Kanapaha Botanical Gardens was ablaze with flowers in every shade of red, white and pink over the weekend as the Gainesville Camellia Society held its 44th annual two-day sale and show.
Nearly 1,500 camellias were submitted for the panel’s consideration. Judged against the book of nomenclature for camellias as determined by the American Camellia Society, everything from the flowers’ color, size and shape were carefully scrutinized.
Winners were divided along categories based on the type and size as well as details such as whether they were grown indoors or outdoors and if gibberellic acid was used to aid the growing process.
According to 77-year-old Gainesville native and society member John Swanson, North Central Florida’s hospitable climate makes cultivating camellias fairly simple.
“They're pretty easy to care for — one or two years in the ground with a little supplemental irrigation,” Swanson said. “But after that, they'll tolerate normal weather conditions here.”
Once established, camellias can flourish for years with little maintenance. The flower’s resilience and tendency to bloom in the winter has earned it the title “Queen of the Winter Garden.”
“There’s a lot of work, but it’s fun,” Swanson said. “For growing camellias, fall and winter are the best times for planting.”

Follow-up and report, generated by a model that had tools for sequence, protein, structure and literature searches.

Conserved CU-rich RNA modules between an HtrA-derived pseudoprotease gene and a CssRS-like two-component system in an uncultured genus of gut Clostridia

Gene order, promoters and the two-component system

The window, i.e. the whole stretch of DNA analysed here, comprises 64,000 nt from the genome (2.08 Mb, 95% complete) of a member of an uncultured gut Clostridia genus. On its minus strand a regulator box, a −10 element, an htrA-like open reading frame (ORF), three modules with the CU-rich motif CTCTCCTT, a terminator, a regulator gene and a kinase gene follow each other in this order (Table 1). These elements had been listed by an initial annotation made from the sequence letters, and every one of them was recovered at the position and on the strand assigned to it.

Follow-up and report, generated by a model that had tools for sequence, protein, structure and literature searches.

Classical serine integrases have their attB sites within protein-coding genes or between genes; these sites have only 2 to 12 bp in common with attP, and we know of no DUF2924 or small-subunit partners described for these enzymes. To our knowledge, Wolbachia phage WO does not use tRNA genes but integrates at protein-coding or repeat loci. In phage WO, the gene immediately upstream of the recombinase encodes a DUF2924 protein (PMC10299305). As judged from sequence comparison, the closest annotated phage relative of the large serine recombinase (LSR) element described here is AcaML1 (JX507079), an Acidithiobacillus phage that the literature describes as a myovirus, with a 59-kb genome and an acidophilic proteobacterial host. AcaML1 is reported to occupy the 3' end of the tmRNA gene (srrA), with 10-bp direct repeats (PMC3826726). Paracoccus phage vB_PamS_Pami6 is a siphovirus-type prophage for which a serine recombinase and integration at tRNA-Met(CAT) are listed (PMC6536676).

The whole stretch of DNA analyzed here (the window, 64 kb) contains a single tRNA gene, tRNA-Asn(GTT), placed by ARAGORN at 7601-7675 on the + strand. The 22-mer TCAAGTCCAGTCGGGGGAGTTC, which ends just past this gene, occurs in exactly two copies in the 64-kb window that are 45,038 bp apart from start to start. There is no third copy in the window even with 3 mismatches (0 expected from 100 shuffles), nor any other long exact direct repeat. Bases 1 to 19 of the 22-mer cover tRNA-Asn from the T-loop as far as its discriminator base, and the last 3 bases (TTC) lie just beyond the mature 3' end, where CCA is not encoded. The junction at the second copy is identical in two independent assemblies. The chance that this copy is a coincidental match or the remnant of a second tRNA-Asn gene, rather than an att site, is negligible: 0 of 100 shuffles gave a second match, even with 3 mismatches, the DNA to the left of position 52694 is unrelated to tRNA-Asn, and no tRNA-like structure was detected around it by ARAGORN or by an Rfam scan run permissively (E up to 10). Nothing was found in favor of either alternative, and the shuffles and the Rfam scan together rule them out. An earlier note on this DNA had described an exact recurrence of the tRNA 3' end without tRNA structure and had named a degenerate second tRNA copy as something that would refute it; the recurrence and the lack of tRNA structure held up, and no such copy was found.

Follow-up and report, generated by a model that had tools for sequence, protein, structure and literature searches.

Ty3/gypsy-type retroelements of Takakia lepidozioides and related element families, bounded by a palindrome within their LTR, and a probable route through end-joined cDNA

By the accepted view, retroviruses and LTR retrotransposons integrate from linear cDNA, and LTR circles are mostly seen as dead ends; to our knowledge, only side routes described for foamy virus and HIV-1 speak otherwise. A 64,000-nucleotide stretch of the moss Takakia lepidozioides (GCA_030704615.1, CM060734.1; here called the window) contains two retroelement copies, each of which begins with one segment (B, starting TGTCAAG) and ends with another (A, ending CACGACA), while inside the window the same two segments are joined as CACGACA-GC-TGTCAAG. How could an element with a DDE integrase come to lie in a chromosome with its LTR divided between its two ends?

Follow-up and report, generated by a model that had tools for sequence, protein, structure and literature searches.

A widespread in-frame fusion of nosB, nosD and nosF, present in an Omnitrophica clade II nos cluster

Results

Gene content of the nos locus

Show Chairman Jerry Hogsette said many members of the society are retirees from diverse walks of life who have found a commonality in the camellia. A research entomologist himself, Hogsette finds this extremely valuable.
“We have a lot of retirees that come from other parts of the world,” Hogsette said. “And they were gardeners where they were, and so we give them the advice and information to garden here, mainly with camellias.”
Hogsette, who has 500 camellias of his own, said the flower’s endless size and color variations — over 5,000 in number — is what makes growing them so addicting.
“Everytime you think you saw the last one, you see another one.” Hogsette said.
Hogsette suggests that those interested in learning more about the camellia attend a society meeting, which meets the third Sunday of every month from September through May at Kanapaha Botanical Gardens. These monthly meetings are devoted to discussing the technicalities of growing camellias, including air layering, grafting and applying gibberellic acid for larger blooms.
More information about the Gainesville Camellia Society can be found on its website.